It would be hypocritical for Democratic candidates to follow the Super PAC route to the presidential nomination.
Democrats, unlike Republicans, have never firebombed each other with unlimited Super PAC money in presidential primaries. That Democratic record of restraint owes as much to a quirk of timing as it does to party-wide opposition to whatever-it-takes fundraising.
Barack Obama ran unopposed for the nomination in 2012, the first election cycle after the Citizens United decision. And in 2016, Hillary Clinton, a frontrunner with a shaky commitment to campaign reform, decided for strategic reasons not to attack the small-donor-powered Bernie Sanders.
But as more than a dozen serious Democratic candidates game out their potential 2020 presidential races over the holidays, thoughts turn to sugar plums and, sadly, to Super PACs. A recent front-page New York Times story, augmented by my own reporting, suggests that 2020 is likely to be the year when ambition leads some Democratic candidates to try to follow the Super PAC route to the nomination.
(A technical point: Super PACs are nominally independent of the campaigns they support. But the distancing is mostly illusionary, with former campaign managers often running these supposedly uncoordinated and unregulated political juggernauts.)
The Super PAC path has been well trod by the GOP, a party untroubled by any ideological commitment to campaign reform. In the 2012 primaries, the Republicans embraced Super PACs with a vengeance, with individual billionaire donors keeping the campaigns of Newt Gingrich (Sheldon Adelson) and Rick Santorum (Foster Friess) alive. And, of course, Jeb Bush was supposedly poised to win the 2016 nomination because of his $120-million Super PAC, Right to Rise.
Until now, Democrats have justified their embrace of Super PACs like Priorities USA in general election campaigns against the Republicans by arguing that it would be otherwise suicidal for them to practice "unilateral disarmament." For a party publicly committed to repealing Citizens United, this long-standing Democratic flexibility on Super PACs carries with it a whiff of hypocrisy.
But the motivations prompting 2020 Democratic contenders such as Cory Booker and Kamala Harris to consider deploying Super PACs are far different.
The biggest challenge facing all conventional candidates will be how to accumulate the resources to compete in the California and Texas primaries, which are both scheduled for March 3, 2020. Currently, seven other states are also slated to pick delegates on that same Super Tuesday — a car-crash political schedule that defies rational justification.
The root of the problem: the Democratic National Committee has never tried to control the primary calendar after the first four contests slated for February 2020: the Iowa caucuses, the New Hampshire primary, the Nevada caucuses, and the South Carolina primary. As a result, states can do what they want beginning on Tuesday, March 3 — a day when roughly one quarter of the delegates to the 2020 convention will be chosen.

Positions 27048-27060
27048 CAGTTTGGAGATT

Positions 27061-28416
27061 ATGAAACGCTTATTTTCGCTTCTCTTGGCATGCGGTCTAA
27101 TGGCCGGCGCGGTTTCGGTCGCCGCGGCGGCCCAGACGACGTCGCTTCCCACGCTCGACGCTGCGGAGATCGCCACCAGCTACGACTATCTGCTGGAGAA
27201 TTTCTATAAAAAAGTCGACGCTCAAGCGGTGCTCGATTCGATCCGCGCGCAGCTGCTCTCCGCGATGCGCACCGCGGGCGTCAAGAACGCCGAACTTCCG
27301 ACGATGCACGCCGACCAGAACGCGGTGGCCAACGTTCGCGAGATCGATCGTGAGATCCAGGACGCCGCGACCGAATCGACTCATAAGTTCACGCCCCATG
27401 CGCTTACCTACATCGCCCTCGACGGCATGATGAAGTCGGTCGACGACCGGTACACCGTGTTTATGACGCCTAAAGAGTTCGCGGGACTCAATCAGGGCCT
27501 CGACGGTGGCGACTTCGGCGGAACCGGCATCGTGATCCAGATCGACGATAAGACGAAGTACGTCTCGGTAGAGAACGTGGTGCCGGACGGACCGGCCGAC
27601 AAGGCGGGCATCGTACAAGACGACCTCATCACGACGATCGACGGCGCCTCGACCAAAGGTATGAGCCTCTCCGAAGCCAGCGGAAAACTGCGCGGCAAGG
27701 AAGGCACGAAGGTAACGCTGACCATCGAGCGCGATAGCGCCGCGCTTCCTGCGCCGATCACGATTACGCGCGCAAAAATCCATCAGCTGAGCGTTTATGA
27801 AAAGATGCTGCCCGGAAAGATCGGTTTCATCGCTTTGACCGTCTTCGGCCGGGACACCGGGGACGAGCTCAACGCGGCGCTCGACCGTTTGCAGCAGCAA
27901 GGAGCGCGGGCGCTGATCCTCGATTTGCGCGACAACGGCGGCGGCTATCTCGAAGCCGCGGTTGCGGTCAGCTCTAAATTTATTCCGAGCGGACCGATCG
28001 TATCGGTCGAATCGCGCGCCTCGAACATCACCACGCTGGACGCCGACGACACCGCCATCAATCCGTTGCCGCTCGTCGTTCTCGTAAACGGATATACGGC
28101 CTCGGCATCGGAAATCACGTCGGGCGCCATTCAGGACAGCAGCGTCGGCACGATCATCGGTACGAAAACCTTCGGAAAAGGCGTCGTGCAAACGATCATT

While all Democrats fantasize about tapping into a Bernie Sanders-like $300-million gusher of online fund-raising, such a small-donor bounty may be unattainable for anyone (including Sanders) in the crowded 2020 field. That means that even candidates who do well during the four early contests in February may be hard-pressed to run credible TV campaigns in California and Texas.
Another factor that may convince nervous candidates to turn to Super PACs is the likely presence in the race of billionaires who won't need to worry about political fundraising. Mike Bloomberg (who will make a final decision in late January) certainly sounds like a candidate — and he may be joined by former Starbucks CEO Howard Schultz or hedge-funder Tom Steyer. If Bloomberg and his mega-rich counterparts run, they will flood the airwaves in California and Texas to the frustration of all other candidates.
There are two potent arguments against resorting to Super PACs in the 2020 Democratic primaries: 1) it's ethically bankrupt and 2) it's politically shortsighted.
Any White House dreamer who deploys a Super PAC in the Democratic nomination fight is, in effect, saying, "My personal ambition is far more important than principle." Even if such a candidate were to win the presidency, any campaign reform plans would probably be delayed until sometime after the return of Haley's Comet in 2061.
And — Donald Trump aside — cynicism is rarely a winning political formula. By depending on million-dollar donations from the wealthy, Democratic candidates would be forfeiting any claim to be outsiders or critics of Wall Street and Silicon Valley.
It is also hard to recall any recent presidential campaign in which TV ads in the primaries shaped the outcome. What counts in choosing a nominee in the 21st century has been coverage in the news media, debates, and personal campaigning in the early states. Throw in a robust presence on social media, and you have a potential formula for victory that does not pivot around Super PAC-funded campaign commercials that voters ignore or scorn.
In the end, running for president is a character test — and Democrats who look to Super PACs to beat other Democrats will have, by definition, flunked that exam.
(Image: Don Farrall/Getty)
The views expressed are the author's own and not necessarily those of the Brennan Center for Justice.